Transcendence vs. Mystery

I’m listening to recordings of a series of philosophy lectures by R. C. Sproul. Today’s portion brought up the subject of the transcendence of God, a topic of special interest to me since I believe many in the emerging church are confusing “transcendence” with “mystery.”

Some might think the two words are interchangeable, but they aren’t, as Sproul made clear.

What does it mean to say God is transcendent? The idea this word conveys is that God is beyond, above, and different from his creatures. His ways are not our ways. His thoughts, not our thoughts.

Consequently, the only way Man can know God is if He stoops to be know. We cannot reach up to Him because He is beyond our reach, and that, I think, would be true even if sin did prohibit a relationship with Him.

In contrast, the idea of mystery, with it’s roots in Gnosticism, ultimately leads to skepticism. By implication it suggests God can’t be known, at least not with certainty. Thus, the door opens for doubt. Some emerging church advocates embrace doubt; most laud “seeking.”

Since God is mystery, so the emerging advocates say, Man must be content as a seeker. There are no concrete answers because God is Other.

The critical issue here is that the means to knowing God shifts from God’s initiative to Man and his endeavors—his meditation or contemplation or spiritual journey.

The thing “Mystery” does not account for is God’s transcendence. Ironic, isn’t it? Because God is Above and Beyond and Different, yet invested in the creatures He made in His own image, He stooped.

It’s not the way we would do things if we were in charge. We’d likely want to sit on a cushy throne and have the lesser folk clamoring for a bit of our attention.

Not God. He sent messengers, breathed His words through their minds and lives to reveal Himself, then came in person, and finally sent His Spirit to live in the life of each believer.

Belief in the “mystery of God” is an extreme idea that opens the door to skepticism and ultimately an attack on the deity of Christ. Of course, it is a reaction to those who dismiss the transcendence of God—those who consider God to be nothing more than an improved version of Man, and bigger. He’s a good ol’ boy. Or maybe a black mama waiting in a shack.

Amazing that some in the emerging movement seem to believe both extremes.

Published in: on October 15, 2009 at 5:13 pm  Comments (5)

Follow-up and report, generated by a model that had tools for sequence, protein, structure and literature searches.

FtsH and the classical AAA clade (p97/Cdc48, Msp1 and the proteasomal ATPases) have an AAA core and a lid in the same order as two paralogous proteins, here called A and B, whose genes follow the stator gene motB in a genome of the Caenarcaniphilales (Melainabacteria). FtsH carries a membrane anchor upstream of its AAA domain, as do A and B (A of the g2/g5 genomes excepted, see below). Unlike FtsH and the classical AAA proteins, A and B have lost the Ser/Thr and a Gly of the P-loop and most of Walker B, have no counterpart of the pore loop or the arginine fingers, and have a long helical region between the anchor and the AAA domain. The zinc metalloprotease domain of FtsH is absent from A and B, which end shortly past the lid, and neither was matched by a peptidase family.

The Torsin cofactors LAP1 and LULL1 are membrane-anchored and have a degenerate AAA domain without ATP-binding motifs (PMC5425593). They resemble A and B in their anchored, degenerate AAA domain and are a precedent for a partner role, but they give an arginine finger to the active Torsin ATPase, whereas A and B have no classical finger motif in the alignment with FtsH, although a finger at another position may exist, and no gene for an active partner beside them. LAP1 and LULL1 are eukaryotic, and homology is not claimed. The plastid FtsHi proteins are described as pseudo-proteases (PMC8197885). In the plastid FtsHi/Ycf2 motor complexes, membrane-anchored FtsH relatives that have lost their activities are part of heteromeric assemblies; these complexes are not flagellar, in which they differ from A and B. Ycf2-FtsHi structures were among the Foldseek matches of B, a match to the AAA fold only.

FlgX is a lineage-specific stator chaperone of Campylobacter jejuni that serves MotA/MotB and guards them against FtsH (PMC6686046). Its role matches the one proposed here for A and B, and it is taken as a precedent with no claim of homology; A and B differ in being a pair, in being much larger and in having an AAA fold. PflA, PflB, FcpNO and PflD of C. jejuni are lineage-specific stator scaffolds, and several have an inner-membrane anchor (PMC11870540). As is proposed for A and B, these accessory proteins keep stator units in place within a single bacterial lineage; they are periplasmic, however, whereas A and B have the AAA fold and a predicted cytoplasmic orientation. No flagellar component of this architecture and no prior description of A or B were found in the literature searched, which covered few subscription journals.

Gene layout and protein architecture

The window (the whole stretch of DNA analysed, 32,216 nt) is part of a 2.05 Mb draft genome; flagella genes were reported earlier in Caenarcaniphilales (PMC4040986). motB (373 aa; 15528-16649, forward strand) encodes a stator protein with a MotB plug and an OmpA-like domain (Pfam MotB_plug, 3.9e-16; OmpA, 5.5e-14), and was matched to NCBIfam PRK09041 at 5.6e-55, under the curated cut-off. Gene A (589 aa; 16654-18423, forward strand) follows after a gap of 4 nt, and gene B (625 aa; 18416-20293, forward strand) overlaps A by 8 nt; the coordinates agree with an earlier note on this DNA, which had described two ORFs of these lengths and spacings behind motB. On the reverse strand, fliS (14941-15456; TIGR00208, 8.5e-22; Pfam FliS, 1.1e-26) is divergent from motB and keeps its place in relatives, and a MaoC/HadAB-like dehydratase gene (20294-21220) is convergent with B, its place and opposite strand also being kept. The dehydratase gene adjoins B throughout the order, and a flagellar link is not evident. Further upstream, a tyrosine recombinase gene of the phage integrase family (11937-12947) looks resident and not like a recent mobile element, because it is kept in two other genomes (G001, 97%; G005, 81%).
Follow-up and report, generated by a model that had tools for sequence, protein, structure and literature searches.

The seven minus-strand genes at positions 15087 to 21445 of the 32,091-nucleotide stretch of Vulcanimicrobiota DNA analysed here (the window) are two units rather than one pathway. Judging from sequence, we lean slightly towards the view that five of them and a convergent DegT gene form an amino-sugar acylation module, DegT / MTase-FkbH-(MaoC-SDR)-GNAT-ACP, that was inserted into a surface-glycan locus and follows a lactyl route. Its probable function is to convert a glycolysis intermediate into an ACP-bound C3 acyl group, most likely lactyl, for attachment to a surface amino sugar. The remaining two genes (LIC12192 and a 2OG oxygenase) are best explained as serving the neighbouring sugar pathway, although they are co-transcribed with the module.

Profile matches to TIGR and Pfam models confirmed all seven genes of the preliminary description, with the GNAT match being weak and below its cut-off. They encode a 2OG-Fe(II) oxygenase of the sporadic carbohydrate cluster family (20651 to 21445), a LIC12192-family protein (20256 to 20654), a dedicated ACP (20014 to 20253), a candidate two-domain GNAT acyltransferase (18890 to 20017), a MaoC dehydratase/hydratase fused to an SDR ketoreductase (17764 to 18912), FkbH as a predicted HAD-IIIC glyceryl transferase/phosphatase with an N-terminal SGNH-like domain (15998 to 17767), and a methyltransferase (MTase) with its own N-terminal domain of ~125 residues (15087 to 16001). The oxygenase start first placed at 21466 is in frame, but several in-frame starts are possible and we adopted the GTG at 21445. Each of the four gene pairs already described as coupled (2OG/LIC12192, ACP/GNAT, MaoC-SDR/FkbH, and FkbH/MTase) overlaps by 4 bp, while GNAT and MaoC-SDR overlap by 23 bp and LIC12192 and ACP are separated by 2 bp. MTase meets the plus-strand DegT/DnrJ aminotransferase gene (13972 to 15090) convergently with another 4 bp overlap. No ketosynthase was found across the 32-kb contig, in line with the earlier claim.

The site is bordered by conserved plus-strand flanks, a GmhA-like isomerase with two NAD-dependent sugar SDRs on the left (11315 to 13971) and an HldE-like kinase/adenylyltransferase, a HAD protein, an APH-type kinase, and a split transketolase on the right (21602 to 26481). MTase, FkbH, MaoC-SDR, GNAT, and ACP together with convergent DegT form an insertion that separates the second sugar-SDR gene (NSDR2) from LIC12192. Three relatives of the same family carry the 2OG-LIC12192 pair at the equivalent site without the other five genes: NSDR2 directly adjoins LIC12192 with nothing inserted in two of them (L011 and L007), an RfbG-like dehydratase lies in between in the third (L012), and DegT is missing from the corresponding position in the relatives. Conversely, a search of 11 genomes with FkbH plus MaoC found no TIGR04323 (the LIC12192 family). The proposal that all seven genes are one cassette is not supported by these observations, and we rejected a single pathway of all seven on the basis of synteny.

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  1. Rebecca, great article! Insightful, but not pedantic. Your argument is terse, but complete. A worthy criticism. 🙂


  2. I don’t know how Humpty Dumpty uses the word “mystery” in your neck of the woods. In the sciences mystery is contrasted with puzzle. A puzzle is something to which we can know the solution. A sudoku is a puzzle. It may be unknown as we encounter it, but by diligent application of known methods we can get an answer. A mystery is something to which we don’t know the solution. The origins of language, for instance.

    Mystery in that sense is a good corrective to human arrogance. I guess in theological terms it is aimed at those who want to trivialise God into something they can know completely. There are unfortunately too many of those people around. It is the transcendence of God which makes the mystery. Revelation only makes sense if it comes out of a mystery.

    When I was at university one of my fellow students said that he’d read the Bible right through 3 times, so didn’t need to read it ever again. He said it wasn’t going to change. But we change. Our understanding develops, if we let it. I suspect some of those who are promoting God as mystery in your milieu want to encourage that development in people. To say God is Other can let of off trying to understand.

    I suspect your argument is missing out on the complexities of the situation.


  3. […] they hold to any set of prescribed tenets.) Interestingly, last October I wrote an article entitled “Transcendence vs. Mystery” to examine some of the emerging ideas about the mystery of God. As I look at it now, I realize I […]


  4. […] other posts on this subject see “Transcendence vs. Mystery,” and “Draw Near To God … For What […]


  5. […] already addressed, in several posts (here, here, and here), one of the issues that lead to agnostic thought — that God is mystery (as […]


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